Rates stay low but fears grow of a market bubble
No increase in interest rates - crack open the champagne - another month (or two or three) of cheap money.
There may well be a few investors breathing a sigh of relief that the Federal Reserve has kept US interest rates on hold.
But most realise that the days of cheap money are coming to an end.
Only now are we beginning to look at the stock market, blown up by cheap money over the last six years, and starting to question the resilience of this quivering balloon.
With rates close to zero the stock market has been the first choice for anyone hungry for a decent return since March 2009.
And in their enthusiasm those investors may well have inflated a bubble of alarming proportions.
One valuation, known as Cape, and which gained popularity after the collapse of the dot.com boom in 2000, is flashing red and sending shivers through the market.
Cape stands for "cyclically adjusted price to earnings" ratio. Don't be put off by the jargon. It's not as hard as it sounds.
The price to earnings ratio (or PE) is the relationship between the price of a share in the market, and the earnings of the company to which it relates.
Simply divide the earnings by the number of shares and you get to see how much each individual share is "earning".
Then see how many times greater the share price is - five times, ten times, twenty, whatever. The higher you go the more likely it is that the share is overvalued.
The question is: which earnings are you going to use? This year's? Last year's? Next year's estimate?
Prof Robert Shiller, the Nobel laureate economist who popularised Cape, decided to use average earnings, adjusted for inflation, over the last ten years. The measure is sometimes also called PE10.
So, what's a high Cape and what's a low one? The historic average Cape for the S&P 500, the broad US market index, is 16.6. Its rock bottom was just below 5 in the early 1920s.
Last year Prof Shiller said that over 25, Cape was at "a level that has been surpassed since 1881 in only three previous periods: the years clustered around 1929, 1999 and 2007. Major market drops followed those peaks".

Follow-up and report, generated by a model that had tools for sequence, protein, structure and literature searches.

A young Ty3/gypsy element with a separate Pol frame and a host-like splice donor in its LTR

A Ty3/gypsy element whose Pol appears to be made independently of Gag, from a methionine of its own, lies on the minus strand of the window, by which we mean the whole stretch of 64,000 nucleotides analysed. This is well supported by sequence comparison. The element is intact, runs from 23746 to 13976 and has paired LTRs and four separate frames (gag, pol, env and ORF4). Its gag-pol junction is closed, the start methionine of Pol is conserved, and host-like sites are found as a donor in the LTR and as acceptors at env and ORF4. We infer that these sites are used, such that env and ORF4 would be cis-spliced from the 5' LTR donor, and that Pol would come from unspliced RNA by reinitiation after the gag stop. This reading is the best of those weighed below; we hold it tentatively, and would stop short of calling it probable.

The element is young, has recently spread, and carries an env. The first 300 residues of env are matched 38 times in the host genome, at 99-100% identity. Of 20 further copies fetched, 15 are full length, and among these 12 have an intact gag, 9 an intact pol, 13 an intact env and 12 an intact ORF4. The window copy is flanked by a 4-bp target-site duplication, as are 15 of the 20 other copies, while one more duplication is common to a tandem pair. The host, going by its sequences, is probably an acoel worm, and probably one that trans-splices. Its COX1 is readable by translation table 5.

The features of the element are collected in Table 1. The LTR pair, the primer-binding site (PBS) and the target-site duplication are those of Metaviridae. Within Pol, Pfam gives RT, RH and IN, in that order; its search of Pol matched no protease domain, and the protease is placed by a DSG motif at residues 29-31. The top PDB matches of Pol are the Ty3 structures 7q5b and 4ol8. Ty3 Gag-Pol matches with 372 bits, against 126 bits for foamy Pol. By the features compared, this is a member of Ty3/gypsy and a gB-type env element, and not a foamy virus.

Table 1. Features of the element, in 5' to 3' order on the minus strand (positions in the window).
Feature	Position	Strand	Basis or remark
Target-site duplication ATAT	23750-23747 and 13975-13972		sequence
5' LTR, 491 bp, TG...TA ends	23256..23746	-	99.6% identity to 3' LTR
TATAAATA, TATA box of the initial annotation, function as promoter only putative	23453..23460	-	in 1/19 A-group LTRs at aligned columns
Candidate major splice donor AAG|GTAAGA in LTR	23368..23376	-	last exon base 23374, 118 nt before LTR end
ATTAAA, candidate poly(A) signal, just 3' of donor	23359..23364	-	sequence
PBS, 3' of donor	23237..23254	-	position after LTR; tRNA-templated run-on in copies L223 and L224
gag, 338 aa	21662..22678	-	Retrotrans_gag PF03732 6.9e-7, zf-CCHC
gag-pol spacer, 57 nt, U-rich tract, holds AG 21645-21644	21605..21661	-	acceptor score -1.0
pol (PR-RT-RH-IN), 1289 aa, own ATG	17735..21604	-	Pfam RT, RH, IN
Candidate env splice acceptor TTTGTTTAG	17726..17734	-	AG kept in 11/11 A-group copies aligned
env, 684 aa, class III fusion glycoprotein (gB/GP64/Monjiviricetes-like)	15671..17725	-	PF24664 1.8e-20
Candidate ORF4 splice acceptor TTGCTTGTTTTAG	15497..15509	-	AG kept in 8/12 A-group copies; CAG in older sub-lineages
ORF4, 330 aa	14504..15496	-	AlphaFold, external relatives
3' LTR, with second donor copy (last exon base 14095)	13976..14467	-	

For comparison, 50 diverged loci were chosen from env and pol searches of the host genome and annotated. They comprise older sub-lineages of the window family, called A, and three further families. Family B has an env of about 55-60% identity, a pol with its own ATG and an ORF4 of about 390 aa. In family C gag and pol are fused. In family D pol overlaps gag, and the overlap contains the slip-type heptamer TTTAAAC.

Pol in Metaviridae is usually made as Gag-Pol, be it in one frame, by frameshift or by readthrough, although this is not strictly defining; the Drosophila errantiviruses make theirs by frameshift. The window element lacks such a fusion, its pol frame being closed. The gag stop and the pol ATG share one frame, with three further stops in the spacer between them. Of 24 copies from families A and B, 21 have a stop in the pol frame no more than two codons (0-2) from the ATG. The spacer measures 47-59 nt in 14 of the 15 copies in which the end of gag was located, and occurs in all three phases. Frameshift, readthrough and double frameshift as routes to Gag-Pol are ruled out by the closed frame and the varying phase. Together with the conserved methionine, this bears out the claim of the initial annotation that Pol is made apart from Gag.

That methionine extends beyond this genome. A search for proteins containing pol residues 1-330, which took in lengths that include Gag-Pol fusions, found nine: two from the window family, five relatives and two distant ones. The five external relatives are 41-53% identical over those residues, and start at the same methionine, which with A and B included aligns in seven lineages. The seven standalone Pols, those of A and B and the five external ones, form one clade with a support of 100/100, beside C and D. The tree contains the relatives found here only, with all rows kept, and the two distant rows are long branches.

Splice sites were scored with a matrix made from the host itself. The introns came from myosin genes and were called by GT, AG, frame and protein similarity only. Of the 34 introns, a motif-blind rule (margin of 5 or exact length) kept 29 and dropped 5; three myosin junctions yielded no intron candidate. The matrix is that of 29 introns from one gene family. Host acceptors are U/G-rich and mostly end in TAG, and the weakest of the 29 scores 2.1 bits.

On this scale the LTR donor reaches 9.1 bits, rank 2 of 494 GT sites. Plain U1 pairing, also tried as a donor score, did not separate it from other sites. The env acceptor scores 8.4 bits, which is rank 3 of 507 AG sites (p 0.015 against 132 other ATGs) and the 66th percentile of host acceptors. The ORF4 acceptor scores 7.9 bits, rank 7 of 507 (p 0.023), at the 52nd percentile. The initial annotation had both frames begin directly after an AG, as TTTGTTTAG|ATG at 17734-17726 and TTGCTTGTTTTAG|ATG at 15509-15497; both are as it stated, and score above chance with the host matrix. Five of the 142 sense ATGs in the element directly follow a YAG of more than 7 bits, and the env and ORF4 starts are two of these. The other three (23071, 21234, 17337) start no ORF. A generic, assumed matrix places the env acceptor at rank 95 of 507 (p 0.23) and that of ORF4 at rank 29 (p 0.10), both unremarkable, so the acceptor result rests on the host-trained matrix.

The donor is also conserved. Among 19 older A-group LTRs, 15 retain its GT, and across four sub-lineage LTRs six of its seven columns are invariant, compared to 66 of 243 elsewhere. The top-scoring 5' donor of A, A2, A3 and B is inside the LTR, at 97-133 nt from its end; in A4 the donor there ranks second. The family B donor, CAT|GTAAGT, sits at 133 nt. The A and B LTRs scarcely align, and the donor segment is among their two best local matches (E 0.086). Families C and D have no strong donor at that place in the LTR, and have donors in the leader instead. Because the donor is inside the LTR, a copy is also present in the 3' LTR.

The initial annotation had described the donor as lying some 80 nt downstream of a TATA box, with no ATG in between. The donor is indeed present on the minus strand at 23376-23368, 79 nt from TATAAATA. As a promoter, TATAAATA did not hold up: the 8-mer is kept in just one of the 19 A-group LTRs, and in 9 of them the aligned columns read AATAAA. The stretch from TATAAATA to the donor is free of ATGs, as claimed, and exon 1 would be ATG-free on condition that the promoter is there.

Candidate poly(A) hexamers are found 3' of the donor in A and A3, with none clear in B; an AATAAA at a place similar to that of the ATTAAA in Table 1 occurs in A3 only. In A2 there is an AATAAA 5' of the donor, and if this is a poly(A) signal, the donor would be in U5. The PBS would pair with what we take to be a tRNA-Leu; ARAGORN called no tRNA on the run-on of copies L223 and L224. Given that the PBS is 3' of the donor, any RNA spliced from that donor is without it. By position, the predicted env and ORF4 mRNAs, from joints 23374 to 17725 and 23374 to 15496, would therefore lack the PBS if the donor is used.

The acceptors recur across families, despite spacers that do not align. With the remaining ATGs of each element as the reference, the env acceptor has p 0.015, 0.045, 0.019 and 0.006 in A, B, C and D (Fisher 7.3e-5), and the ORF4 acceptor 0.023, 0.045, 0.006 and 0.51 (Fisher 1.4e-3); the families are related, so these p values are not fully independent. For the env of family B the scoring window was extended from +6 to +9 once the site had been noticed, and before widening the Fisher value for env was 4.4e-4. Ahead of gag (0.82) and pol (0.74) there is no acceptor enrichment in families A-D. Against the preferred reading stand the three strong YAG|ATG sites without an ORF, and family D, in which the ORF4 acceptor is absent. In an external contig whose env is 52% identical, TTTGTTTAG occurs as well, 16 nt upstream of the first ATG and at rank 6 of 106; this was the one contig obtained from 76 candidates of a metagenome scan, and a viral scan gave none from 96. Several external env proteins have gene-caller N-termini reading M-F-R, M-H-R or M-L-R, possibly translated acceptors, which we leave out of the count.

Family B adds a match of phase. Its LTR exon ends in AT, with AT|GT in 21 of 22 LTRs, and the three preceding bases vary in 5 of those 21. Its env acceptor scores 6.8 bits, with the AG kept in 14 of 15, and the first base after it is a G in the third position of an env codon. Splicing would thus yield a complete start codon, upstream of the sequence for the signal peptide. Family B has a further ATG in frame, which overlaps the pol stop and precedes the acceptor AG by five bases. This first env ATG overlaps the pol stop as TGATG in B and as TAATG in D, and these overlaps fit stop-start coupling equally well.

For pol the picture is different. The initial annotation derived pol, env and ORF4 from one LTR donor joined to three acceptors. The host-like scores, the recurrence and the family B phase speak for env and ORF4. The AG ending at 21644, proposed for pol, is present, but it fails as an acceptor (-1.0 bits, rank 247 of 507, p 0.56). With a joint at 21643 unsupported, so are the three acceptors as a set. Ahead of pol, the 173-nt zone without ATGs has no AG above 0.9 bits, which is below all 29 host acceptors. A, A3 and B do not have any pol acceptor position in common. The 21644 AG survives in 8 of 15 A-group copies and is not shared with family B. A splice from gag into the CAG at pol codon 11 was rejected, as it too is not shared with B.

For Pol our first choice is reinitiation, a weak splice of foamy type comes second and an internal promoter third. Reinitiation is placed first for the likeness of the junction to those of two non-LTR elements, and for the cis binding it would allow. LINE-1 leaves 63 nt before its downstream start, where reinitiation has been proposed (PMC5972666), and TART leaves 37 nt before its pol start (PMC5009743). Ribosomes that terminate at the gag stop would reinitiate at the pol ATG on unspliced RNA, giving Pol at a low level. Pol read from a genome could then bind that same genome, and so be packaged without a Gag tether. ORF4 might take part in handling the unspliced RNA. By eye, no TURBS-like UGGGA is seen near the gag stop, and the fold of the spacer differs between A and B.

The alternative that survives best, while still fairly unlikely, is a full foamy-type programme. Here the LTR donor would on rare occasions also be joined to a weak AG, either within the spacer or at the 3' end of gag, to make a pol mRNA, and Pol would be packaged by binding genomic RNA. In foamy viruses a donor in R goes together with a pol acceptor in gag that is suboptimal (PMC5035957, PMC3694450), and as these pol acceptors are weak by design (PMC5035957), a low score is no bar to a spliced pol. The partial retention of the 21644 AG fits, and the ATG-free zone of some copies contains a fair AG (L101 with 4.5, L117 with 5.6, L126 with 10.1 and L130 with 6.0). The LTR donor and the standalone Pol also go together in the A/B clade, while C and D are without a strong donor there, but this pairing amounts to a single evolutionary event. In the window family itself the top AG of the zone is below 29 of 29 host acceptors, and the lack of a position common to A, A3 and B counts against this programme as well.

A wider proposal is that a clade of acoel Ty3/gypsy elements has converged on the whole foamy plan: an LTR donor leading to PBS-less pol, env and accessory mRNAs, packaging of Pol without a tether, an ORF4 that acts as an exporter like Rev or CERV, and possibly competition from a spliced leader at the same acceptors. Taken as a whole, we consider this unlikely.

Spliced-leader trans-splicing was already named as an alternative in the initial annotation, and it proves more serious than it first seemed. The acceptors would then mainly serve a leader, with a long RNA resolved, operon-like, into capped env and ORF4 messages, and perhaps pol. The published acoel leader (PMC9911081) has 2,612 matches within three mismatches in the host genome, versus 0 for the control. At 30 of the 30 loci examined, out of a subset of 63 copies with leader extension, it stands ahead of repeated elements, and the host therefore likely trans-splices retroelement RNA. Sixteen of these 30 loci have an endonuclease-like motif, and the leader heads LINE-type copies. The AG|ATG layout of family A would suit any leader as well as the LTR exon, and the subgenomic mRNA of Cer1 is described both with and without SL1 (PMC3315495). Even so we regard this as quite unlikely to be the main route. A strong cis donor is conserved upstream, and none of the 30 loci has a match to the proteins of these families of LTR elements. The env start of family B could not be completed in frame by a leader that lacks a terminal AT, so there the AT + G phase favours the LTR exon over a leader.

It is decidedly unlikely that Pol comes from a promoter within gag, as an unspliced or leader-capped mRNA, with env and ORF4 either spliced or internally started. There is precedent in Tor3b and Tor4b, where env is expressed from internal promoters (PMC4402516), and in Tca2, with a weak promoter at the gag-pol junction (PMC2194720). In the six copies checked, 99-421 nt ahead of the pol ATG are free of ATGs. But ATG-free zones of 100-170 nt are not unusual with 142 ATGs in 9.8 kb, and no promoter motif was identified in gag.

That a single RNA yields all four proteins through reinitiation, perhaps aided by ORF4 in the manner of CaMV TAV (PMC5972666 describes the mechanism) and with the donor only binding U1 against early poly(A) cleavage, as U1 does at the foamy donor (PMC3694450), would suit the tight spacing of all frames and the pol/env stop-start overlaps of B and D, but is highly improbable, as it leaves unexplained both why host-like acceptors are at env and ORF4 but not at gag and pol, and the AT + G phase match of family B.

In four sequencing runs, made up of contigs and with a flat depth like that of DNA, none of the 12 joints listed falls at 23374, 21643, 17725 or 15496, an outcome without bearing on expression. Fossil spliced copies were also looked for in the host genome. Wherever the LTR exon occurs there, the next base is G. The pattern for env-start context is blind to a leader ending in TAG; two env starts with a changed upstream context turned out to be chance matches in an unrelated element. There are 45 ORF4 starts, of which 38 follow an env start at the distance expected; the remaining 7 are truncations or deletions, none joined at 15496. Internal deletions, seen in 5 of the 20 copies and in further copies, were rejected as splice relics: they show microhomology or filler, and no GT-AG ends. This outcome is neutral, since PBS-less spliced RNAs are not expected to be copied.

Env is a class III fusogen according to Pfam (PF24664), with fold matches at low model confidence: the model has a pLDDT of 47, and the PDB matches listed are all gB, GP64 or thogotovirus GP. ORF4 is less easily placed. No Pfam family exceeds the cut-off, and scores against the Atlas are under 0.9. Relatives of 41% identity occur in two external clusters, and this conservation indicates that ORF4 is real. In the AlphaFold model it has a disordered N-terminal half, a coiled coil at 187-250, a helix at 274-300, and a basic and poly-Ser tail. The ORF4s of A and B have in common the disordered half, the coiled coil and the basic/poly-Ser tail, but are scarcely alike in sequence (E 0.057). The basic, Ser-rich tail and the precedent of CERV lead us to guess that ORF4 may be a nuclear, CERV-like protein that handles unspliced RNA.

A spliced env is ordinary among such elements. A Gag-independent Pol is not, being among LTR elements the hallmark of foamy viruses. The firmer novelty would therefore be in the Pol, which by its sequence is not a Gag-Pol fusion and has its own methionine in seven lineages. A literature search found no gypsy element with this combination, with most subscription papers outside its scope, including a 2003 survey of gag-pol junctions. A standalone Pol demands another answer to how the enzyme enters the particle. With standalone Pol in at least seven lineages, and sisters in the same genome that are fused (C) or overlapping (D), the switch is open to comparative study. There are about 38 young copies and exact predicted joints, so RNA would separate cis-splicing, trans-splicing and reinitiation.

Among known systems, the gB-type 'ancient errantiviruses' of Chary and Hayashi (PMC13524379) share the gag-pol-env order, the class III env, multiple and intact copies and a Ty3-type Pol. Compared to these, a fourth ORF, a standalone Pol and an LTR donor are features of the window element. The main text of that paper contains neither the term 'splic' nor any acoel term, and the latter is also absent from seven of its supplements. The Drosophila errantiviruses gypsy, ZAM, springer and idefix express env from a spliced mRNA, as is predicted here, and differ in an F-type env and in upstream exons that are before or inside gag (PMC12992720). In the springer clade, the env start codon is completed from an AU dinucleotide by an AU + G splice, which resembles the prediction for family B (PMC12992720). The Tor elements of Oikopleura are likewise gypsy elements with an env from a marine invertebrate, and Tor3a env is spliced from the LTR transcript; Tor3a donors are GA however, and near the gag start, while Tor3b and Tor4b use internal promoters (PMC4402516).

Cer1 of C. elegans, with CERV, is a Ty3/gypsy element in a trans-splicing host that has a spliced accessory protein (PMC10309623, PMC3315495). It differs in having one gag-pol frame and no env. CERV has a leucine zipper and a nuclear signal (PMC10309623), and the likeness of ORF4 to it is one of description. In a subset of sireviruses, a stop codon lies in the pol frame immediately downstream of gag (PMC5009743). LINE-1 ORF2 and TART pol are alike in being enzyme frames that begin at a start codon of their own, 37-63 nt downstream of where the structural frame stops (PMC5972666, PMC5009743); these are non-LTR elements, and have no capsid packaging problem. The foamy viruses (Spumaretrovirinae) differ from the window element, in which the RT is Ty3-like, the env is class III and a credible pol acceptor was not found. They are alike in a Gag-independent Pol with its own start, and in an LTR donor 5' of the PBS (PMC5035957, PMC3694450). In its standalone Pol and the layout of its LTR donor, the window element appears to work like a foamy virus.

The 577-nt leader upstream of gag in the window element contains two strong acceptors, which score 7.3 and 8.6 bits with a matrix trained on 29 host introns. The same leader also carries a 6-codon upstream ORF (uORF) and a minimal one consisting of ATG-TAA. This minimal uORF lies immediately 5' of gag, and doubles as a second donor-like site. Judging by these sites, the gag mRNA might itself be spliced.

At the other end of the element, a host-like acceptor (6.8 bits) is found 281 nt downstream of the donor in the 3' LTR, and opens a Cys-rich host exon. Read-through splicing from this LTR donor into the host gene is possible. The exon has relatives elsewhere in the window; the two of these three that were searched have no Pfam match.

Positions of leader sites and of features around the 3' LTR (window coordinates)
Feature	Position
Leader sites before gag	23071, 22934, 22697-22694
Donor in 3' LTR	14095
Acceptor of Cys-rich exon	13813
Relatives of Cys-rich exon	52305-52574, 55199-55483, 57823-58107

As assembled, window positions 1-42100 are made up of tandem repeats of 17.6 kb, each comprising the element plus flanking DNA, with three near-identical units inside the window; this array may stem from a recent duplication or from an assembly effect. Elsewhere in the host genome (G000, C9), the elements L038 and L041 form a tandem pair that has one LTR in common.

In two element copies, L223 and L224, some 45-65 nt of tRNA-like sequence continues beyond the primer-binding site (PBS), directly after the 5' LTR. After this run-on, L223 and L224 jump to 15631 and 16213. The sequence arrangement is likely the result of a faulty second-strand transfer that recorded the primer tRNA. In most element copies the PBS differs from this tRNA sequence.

Now, I know what you're thinking.
Where are we now?
Grab that phone
But before you grab the phone to your broker, it should be pointed out that no-one, Prof Shiller included, sees Cape as a predictor of a crash.
In fact had you used Cape to time your investment for most of this century you would have gone spectacularly wrong. For all that time Cape has been, with one brief exception in mid 2009, above its long term average of 16.6, i.e. telling you your returns were going to be below average.
Indeed according to Cape the market has been overvalued for all of the last six years.
Yet investors who plunged into the market in 2009 would have been rewarded, to date, with total returns (including dividends) of close to 200%.
Cape instead should be used to predict whether long term (preferably 10 year) future earnings for a company (or the market in general) are going to be below or above the historic average.
Even that use has its critics, who say that looking at past earnings over a decade can be distorted by changes in accounting practices or tax regimes. It doesn't take into account the state of a company's balance sheet which might, say, be loaded up with debt.
Working out an accurate view of earnings over a decade can be fiendishly difficult, complicated by new share issues, disposals, buy-backs and so on. And of course 10 years is too long to assess, say, Facebook or any number of new tech companies.
So this is, as many people have claimed, a fairly blunt instrument.
Mr Schiller, though, has other tools in his toolkit, and in particular his Stock Market Confidence indices, which show that both retail and institutional investors have been losing confidence in the stock market steadily over the last four or five years - even as they kept on buying.
It conjures up a curious picture of an investor putting the phone down after snapping up another $1m of Google stock muttering: "It's all going to hell - but I just can't help it."
Now combine these factors with one remaining element - earnings growth in the S&P500 - and things start to look fairly bleak.
Amidst all the hoopla around interest rates it's been easy to forget that US companies start reporting third quarter results next week. And it's not looking good.
The last quarter saw total earnings for companies in the S&P 500 index down 2.1% on the same period last year. The third quarter is likely to be worse, maybe 5.5% lower than last year.
Now a lot of that is to do with the energy sector getting knocked sideways by the low oil price, but other sectors are hardly shining. The bottom line is that earnings are at their weakest level in six years.
That in itself (let alone confidence levels and the Cape ratio) should make investors cautious. And interest rates haven't even gone up yet.